It’s a way for them to truly immerse themselves in their language, culture, and history in the digital realm. This enthusiastic embrace from communities is a testament to the importance of representation and the hunger for content that authentically reflects their identities and heritage in an increasingly digital world.

Kabod: Beyond online repositories, what other technological tools or methods are being leveraged to document and promote African linguistic diversity?

Dr. McNulty: Social media can be used to promote linguistic diversity in Africa as online communities communicate with each other in their mother tongues. In terms of culture, there are various websites focused on things like African literature and oral traditions.

As AI and language models advance, they will be able to engage speakers in their mother tongues through applications like voice assistants, chatbots, and translation tools. Companies like Lelapa AI are developing AI systems for underrepresented African languages. Overall, technology offers new avenues for using and documenting African languages and preserving Africa’s linguistic diversity.

Kabod: How are you ensuring the accuracy and cultural authenticity of the online African language content?

Dr. McNulty: Ensuring accuracy and cultural authenticity when documenting African language content online is complex, as there are often multiple perspectives and variations within communities on aspects like history, traditions, and cultural practices.

Our approach is to accommodate this variability by allowing different groups to share their unique versions and understandings. We facilitate the representation of multiple narratives, enabling information literacy as users evaluate which resonates most with them.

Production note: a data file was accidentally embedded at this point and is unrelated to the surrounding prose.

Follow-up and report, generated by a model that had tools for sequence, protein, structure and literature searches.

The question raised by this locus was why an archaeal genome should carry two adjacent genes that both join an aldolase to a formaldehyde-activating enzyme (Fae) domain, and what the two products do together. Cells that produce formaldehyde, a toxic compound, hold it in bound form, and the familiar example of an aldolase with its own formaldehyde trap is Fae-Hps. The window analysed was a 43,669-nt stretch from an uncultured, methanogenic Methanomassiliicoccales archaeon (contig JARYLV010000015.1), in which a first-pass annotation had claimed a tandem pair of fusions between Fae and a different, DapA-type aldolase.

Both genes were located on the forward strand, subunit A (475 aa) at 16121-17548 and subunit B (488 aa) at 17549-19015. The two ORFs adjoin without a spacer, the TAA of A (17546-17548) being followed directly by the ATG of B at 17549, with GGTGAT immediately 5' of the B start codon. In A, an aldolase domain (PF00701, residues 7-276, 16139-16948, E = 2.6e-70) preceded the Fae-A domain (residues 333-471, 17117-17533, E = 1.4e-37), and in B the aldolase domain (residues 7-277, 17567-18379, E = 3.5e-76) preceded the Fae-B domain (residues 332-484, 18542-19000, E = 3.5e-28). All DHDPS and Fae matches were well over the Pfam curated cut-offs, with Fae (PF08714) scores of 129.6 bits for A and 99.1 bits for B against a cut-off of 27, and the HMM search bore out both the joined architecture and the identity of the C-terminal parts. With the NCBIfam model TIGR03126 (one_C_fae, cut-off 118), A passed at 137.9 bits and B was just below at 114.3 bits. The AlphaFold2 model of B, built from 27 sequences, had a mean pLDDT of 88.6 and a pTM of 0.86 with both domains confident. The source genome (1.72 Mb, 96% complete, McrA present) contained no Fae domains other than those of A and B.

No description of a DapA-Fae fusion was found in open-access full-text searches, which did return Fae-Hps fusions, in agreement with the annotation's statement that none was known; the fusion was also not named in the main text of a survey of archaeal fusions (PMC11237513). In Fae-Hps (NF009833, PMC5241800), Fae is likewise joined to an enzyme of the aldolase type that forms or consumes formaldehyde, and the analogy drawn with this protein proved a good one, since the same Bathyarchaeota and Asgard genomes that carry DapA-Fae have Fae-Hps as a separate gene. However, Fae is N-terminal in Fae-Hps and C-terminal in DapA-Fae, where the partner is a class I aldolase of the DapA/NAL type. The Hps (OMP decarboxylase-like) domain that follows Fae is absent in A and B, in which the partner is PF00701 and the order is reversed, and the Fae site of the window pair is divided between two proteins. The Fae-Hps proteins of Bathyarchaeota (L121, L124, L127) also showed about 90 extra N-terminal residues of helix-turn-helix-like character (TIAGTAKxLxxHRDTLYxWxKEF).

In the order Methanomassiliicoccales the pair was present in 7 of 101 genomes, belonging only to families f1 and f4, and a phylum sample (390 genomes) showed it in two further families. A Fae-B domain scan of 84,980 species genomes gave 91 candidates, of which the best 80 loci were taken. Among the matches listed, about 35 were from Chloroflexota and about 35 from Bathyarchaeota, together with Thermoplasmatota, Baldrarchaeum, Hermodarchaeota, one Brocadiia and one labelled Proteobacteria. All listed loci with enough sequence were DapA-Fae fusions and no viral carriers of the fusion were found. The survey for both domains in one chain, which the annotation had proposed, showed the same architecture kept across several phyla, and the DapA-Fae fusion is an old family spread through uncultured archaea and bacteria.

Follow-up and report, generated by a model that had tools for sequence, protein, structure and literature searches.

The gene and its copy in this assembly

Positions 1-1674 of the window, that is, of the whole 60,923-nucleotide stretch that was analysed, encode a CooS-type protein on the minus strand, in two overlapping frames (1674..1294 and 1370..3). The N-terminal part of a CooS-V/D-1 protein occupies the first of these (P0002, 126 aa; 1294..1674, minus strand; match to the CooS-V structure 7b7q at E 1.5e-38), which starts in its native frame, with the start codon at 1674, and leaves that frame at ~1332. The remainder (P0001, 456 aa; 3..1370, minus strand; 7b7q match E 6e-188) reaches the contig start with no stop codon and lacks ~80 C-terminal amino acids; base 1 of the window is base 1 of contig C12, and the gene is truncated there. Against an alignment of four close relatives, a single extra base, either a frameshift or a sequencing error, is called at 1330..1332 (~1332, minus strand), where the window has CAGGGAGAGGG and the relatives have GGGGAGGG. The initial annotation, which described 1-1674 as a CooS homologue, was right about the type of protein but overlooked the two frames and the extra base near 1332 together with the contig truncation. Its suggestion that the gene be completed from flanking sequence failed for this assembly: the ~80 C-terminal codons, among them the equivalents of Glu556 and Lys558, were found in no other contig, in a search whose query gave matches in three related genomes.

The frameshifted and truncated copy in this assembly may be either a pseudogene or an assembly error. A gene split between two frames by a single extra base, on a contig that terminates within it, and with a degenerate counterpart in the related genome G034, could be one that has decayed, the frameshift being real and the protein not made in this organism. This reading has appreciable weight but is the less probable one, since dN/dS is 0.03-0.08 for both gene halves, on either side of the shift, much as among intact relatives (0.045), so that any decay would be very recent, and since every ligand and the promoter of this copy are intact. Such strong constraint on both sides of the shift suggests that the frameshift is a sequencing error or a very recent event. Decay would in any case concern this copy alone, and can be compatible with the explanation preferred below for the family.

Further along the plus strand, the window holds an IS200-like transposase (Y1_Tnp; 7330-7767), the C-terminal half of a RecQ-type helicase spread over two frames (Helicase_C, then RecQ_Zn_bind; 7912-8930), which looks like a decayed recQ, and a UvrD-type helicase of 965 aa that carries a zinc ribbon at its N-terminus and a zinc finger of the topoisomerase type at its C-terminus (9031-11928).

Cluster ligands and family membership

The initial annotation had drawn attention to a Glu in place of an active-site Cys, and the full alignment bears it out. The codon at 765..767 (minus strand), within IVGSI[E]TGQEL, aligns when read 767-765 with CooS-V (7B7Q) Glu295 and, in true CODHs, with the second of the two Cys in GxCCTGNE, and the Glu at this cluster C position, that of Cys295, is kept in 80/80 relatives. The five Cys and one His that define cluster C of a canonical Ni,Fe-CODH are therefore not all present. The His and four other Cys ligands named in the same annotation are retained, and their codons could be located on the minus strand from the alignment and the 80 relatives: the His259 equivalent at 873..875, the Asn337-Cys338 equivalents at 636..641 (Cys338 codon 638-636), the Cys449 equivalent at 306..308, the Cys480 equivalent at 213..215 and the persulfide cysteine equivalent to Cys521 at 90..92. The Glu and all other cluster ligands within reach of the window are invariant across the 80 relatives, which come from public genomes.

Additionally, we encourage ongoing dialogue around the content through comments, opening up spaces for critique and alternative viewpoints. While imperfect, this method recognizes diversity within communities and gives voice to those diverse perspectives.

Kabod: What are some of the partnerships or collaborations that have enabled iAfrika’s work in this space?

Dr. McNulty: iAfrika’s work in promoting African linguistic diversity online and making content available in African languages has been enabled through a number of partnerships and collaborations. I must note the contributions of African language speakers across languages like Zulu, Tswana, Yoruba, Swahili and Siswati, without whom these projects could not succeed.

Formal partnerships with universities, libraries, and organizations have provided support, resources, expertise and recognition. These collaborations have opened doors for expanded reach and future opportunities.

Making the web more African is an ongoing, and multifaceted endeavour. We are actively seeking partnerships on the continent and in the diaspora to expand our initiatives into more African languages across regions.

Interested in speaking on the ALATT podcast? Or know someone who would be a great guest? Reach out to us at languages@kabodgroup.com.